We don't begrudge drug companies a profit, it's their only incentive for research, and a fact of life in this capitalist world. We just feel, in the time of plague, drug companies should not be making 4 to 5 times more profit than all other existing corporations in the world with NO justification for their profits other than that they are able to charge whatever they want because people have no choice.

And then there is the use of AIDS as social blackmail. In Uganda, the Ivory Coast, and Thailand, there are now American funded clinical trials, along with those sponsored by World Health Organization, in which variations on the use of AZT to interrupt perinatal transmission are being done with placebo arms. PLACEBOS! Would you like to be in a placebo drug arm when it's your life or the life of your child? And in Brazil, the country which has the second highest number of AIDS cases in the Western Hemisphere, there are mono-therapy trials still going on. They are clinical endpoint studies-- that means disease and death. They would never be able to do the study here or America on ethical grounds but also because no one would ever enroll in it. So they are doing it in another country.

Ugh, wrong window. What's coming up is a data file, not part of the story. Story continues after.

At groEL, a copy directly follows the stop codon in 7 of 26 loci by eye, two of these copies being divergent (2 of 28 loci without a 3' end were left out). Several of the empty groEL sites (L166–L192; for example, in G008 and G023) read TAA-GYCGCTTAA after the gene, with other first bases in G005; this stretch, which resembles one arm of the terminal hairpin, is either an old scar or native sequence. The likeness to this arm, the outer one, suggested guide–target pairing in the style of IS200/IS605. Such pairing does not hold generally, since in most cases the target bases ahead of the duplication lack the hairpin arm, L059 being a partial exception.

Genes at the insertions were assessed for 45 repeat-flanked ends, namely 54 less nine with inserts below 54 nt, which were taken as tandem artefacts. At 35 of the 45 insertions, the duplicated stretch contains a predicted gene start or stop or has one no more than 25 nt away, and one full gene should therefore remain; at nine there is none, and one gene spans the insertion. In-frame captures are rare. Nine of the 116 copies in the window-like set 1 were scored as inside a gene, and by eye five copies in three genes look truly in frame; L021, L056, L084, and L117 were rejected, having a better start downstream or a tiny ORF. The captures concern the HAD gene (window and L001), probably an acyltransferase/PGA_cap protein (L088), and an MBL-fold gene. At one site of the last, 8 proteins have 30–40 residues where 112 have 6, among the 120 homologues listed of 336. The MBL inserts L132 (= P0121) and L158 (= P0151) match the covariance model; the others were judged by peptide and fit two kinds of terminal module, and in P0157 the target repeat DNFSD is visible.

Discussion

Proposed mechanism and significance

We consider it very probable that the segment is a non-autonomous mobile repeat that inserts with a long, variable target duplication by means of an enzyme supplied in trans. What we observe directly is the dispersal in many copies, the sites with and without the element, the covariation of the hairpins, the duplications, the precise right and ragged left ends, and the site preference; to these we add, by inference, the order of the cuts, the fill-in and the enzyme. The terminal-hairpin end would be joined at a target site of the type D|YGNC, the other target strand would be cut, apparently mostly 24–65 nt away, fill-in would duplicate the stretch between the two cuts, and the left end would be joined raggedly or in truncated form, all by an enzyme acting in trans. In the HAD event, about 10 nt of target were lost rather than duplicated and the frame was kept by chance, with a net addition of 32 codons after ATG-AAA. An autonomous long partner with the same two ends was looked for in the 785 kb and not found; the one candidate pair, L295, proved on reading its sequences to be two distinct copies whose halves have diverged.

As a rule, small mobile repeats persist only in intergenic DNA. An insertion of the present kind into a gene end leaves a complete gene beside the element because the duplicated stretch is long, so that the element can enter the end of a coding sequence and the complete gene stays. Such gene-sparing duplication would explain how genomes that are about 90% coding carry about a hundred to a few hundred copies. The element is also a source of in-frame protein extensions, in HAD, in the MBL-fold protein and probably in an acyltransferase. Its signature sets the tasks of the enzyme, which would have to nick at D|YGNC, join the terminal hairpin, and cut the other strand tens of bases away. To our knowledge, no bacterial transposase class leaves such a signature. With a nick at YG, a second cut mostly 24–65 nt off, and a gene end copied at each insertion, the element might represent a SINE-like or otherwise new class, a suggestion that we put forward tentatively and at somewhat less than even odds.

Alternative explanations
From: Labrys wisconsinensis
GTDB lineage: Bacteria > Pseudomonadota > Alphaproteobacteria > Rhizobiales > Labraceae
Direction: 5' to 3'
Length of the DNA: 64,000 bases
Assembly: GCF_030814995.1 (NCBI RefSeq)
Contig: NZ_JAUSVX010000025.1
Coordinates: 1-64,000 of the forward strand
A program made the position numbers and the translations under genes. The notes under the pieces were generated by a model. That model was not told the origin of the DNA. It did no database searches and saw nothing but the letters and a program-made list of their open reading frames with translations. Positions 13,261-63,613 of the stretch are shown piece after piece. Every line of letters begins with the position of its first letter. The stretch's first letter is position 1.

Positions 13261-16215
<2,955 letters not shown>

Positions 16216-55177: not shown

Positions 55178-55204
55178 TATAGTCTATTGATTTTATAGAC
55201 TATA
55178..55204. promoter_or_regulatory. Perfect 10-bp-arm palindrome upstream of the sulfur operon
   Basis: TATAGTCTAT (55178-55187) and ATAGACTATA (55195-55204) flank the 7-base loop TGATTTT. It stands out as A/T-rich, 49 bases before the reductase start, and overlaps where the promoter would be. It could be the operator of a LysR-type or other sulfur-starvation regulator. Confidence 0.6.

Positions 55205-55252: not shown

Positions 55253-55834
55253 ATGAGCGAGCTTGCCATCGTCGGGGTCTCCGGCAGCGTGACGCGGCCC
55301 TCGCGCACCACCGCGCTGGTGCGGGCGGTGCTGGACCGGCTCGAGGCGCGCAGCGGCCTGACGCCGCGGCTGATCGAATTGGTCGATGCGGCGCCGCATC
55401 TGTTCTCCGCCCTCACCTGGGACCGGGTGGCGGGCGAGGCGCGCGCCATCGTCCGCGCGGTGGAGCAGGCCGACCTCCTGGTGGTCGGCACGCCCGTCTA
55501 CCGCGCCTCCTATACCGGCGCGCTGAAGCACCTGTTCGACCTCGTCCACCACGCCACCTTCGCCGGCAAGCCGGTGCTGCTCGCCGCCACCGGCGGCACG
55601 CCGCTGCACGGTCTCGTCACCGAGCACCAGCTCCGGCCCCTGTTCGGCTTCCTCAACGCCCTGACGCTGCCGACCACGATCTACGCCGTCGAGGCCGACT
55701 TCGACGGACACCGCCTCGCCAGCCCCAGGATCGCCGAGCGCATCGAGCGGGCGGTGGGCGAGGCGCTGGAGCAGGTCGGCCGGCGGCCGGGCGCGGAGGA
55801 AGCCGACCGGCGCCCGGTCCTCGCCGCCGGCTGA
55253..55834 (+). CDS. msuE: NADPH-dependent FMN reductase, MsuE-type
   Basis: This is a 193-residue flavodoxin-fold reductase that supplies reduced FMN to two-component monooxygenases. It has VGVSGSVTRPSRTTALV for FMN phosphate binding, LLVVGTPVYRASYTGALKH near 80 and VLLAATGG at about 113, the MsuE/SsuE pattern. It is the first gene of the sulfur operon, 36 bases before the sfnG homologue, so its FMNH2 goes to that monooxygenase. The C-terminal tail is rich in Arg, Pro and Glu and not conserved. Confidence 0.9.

Without any scientific data to support it, many health providers don't prescribe protease inhibitors to people who appear to be active illicit drug users, on the premise that poor compliance with prescribed regimens will result in Multiple-Drug Resistant HIV. How does this play out? If you are a person of color with AIDS, if you have a prison record or a drug treatment record, a doctor is welcomed to make judgments about your character and what kind of healthcare you deserve. Make no mistake about it, skin color and ethnic background is the biggest factor. Reports back from hospitals in the United States are that white people with insurance are on Protease Inhibitors, black people are not.

I think the problem is best summed up by one salesperson from Abbott Labs, which makes the protease inhibitor with the highest incidence of toxicity. When I discussed the problems of drug compliance with her, while she admitted that she did not personally know any people with AIDS, she said: "If you don't want to follow the drug regimen, there are plenty of people out there who do."